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RE: No Child Left Behind Testing

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RE: No Child Left Behind Testing

WHEREAS, the federal legislation known as "No Child Left Behind" (NCLB) revised the Elementary and Secondary Education Act and, among other provisions, required periodic testing of K-12 students to assess progress of students and progress of schools as a whole; and

WHEREAS, re-authorization of NCLB is now before Congress, which will undoubtedly make changes throughout existing law; and

WHEREAS, under current NCLB, states have significant flexibility in the development of tests used to measure student progress; and

WHEREAS, a primary goal of NCLB was to improve the educational progress of historically disadvantaged populations, a focus that should include blind students as a population, a goal this organization fully supports because we are acutely aware of the devastating consequences of denying real educational progress in limiting opportunities in adult life; and

WHEREAS, though test administrators and educators will say that the requirement for reasonable accommodations be provided to blind students for these assessments, reality in the testing room denies opportunity to blind students to demonstrate their true ability since current tests often rely upon purely visual input and output by students for successful completion of all too many test questions such as requiring one to draw a picture or express a point of view based only on a picture, questions to which blind students cannot successfully respond using accommodations; and

WHEREAS, attempts to transcribe visual information into Braille or tactile format is all too often mediocre at best; and,

WHEREAS, the NFB wholeheartedly supports participation in assessment tests and demands that blind children fully participate in all assessments just as their sighted peers since these tests are intended to measure the progress of the child or the school, but no NCLB requirement exists to assure that test questions can be answered using nonvisual means, leading to exclusion of blind children from some tests and artificially lowered scores on others; and

WHEREAS, unfortunately, some education professionals, in fear that their schools will score poorly on these assessments if they include children with disabilities in the measures, all too often use a provision in NCLB allowing them to sideline some students or weight scores differently, leading to lessened inclusion of blind students and the consequent postponing of discovery that a particular student is not progressing; and

WHEREAS, if an administrator opts, as he should, to include the blind students' test scores in the general pool his school will be classified as a failing school due to lowered test results due to improper and inaccurate means of tests for the blind students; and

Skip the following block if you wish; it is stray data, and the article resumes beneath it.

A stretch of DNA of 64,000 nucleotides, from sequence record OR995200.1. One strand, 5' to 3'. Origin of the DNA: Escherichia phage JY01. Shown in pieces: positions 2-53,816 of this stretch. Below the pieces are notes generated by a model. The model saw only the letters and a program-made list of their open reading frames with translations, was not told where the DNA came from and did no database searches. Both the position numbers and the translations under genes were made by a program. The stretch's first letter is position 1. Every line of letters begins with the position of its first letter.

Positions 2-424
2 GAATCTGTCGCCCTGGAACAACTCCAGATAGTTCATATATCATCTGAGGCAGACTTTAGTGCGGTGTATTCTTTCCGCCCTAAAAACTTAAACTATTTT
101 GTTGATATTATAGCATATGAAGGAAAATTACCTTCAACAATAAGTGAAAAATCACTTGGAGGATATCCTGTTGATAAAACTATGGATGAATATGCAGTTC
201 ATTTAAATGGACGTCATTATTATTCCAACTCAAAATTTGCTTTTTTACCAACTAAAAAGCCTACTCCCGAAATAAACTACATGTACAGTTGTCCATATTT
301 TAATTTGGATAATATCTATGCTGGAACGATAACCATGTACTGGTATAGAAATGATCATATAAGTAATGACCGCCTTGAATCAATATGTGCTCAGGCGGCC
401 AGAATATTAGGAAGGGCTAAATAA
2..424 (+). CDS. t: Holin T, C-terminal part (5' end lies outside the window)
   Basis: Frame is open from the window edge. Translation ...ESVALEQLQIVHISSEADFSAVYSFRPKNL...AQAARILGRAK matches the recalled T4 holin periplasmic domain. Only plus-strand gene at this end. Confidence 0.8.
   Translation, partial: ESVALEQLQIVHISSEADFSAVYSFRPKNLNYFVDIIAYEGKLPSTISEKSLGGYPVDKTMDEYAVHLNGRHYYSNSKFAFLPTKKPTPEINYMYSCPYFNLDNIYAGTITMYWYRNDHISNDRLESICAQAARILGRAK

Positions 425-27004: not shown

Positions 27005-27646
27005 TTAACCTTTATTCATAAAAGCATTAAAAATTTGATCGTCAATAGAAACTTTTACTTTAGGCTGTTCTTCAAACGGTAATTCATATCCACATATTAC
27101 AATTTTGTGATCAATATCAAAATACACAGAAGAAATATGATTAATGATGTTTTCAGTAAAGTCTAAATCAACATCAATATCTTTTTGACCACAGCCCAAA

WHEREAS, educators too often excuse the poor performance of blind students as inherent to blindness instead of working to include them in education and personal progress, and the NCLB emphasis on assessments encourages exclusion of scores, creation of tests that discriminate against blind test subjects, and tolerance of low scores rather than creating pressure to teach blind students to excel; and

WHEREAS, when freed from prejudice and educated in the skills of blindness, blind students can and do compete successfully among their sighted peers for top honors and pride of place, but NCLB's emphasis on testing and allowance of false testing based on vision undermine the opportunity that education should be providing to blind children: NOW, THEREFORE,

BE IT RESOLVED by the National Federation of the Blind of Arizona in Convention assembled this 9th day of September, 2007, in the city of Tempe, Arizona, that this organization call upon Congress and the Arizona Department of Education to require developers of assessments under NCLB to design all test questions so they can be accurately completed without reliance on vision; and

BE IT FURTHER RESOLVED that this organization urge Congress and the Arizona Department of Education to make unequivocally clear that blindness cannot be a factor used by educational professionals to provide alternate assessments or alternate measures of their educational progress; however, this shall not be interpreted to preclude the provision of tests in alternate formats, such as in Braille, large print, and audio media; and

BE IT FURTHER RESOLVED that the developers of these assessments consult the National Federation of the Blind of Arizona for guidance in developing test questions that fairly assess the aptitudes of blind students.

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